The late 19th century was a time of great self-examination for France. It began with the disastrous defeat by the Germans in the Franco-Prussian War (1870-71). The late 19th century was a difficult time for France. It became with the disastrous Franco-Prussia War (1870-71) in which France lost Alsace Lorraine and was saddled with huge repriations. In addition, as a result of the War a German Empire was founded which created an enduring security problem on France's western border. The new Third Republic ushered in major reforms. France was freed from the inefectual Napoleon III and a the Third Republic was founded leading to many democratic reforms in education and other areas. Despite a serious economic dounturn in 1886-1896, overall the late 19th century was a time of extrodinary economic growth with important technological advances in elctricity, automobiles, movies, aviation, and many othera areas. Propsperity created a better life for most cititzens and in this atmpspher fashion flourished. Many fashion magasines were founded any dound an avid readership, both in France and other countries as well. French fashion designers were especially influential with women's fashions. Many important developments were, however, also reported in boys' fashions.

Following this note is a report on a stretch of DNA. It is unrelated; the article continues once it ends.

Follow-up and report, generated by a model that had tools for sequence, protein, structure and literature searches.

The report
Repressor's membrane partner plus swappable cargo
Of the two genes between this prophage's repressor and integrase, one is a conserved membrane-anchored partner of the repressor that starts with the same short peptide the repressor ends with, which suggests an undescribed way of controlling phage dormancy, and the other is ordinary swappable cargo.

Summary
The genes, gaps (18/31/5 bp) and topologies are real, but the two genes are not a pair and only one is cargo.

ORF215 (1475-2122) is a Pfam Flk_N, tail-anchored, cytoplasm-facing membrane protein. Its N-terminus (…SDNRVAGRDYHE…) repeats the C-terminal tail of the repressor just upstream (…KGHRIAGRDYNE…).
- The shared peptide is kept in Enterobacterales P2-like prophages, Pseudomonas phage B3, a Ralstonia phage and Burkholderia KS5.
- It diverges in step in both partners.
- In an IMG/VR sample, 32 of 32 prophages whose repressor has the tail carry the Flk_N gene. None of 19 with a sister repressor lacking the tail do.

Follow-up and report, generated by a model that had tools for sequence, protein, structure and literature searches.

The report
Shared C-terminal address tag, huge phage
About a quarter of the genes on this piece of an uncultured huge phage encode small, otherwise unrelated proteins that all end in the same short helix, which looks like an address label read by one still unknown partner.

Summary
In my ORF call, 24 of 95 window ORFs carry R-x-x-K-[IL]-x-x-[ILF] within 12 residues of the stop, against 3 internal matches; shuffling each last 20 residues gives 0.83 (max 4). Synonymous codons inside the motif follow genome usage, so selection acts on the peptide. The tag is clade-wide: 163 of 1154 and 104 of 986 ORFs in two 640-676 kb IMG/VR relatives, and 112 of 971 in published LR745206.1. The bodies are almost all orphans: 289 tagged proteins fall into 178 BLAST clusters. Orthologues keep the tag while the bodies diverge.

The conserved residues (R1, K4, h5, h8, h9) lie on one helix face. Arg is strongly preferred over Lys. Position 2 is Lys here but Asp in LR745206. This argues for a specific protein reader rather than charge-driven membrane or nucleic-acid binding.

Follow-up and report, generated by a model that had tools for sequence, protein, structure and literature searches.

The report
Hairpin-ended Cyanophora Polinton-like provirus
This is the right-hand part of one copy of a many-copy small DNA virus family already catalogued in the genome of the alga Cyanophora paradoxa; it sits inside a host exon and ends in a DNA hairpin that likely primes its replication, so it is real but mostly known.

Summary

"Durand cette époque, le costume marin avec toutes ses variantes est un des plus répandus pour les filles et garçons; les autres modes toujours influencées par le costume des adultes; restent compliquées et engonçantes; en Angleterre la mode des Tartans, née à l'époque victorienne, fit habiller tout les petits garçons en costume écossais avec le bonnet "Glengarry" . Partout les garçons portaient des robes au moins jusqu'à 5 ans." This would translate as something like "During and this era, the sailor suit with all its variations is one of the most popular garments, for girls and boys. Other styles influenced by the suit of adults; remain complicated and squeezing. From Britain Tartans were very popular beginning in the Victorian era. Scootish outfits complete with "Glengarry" caps were considered suitable for small boys. Everywhere boys wore dresses at least to 5 years of age."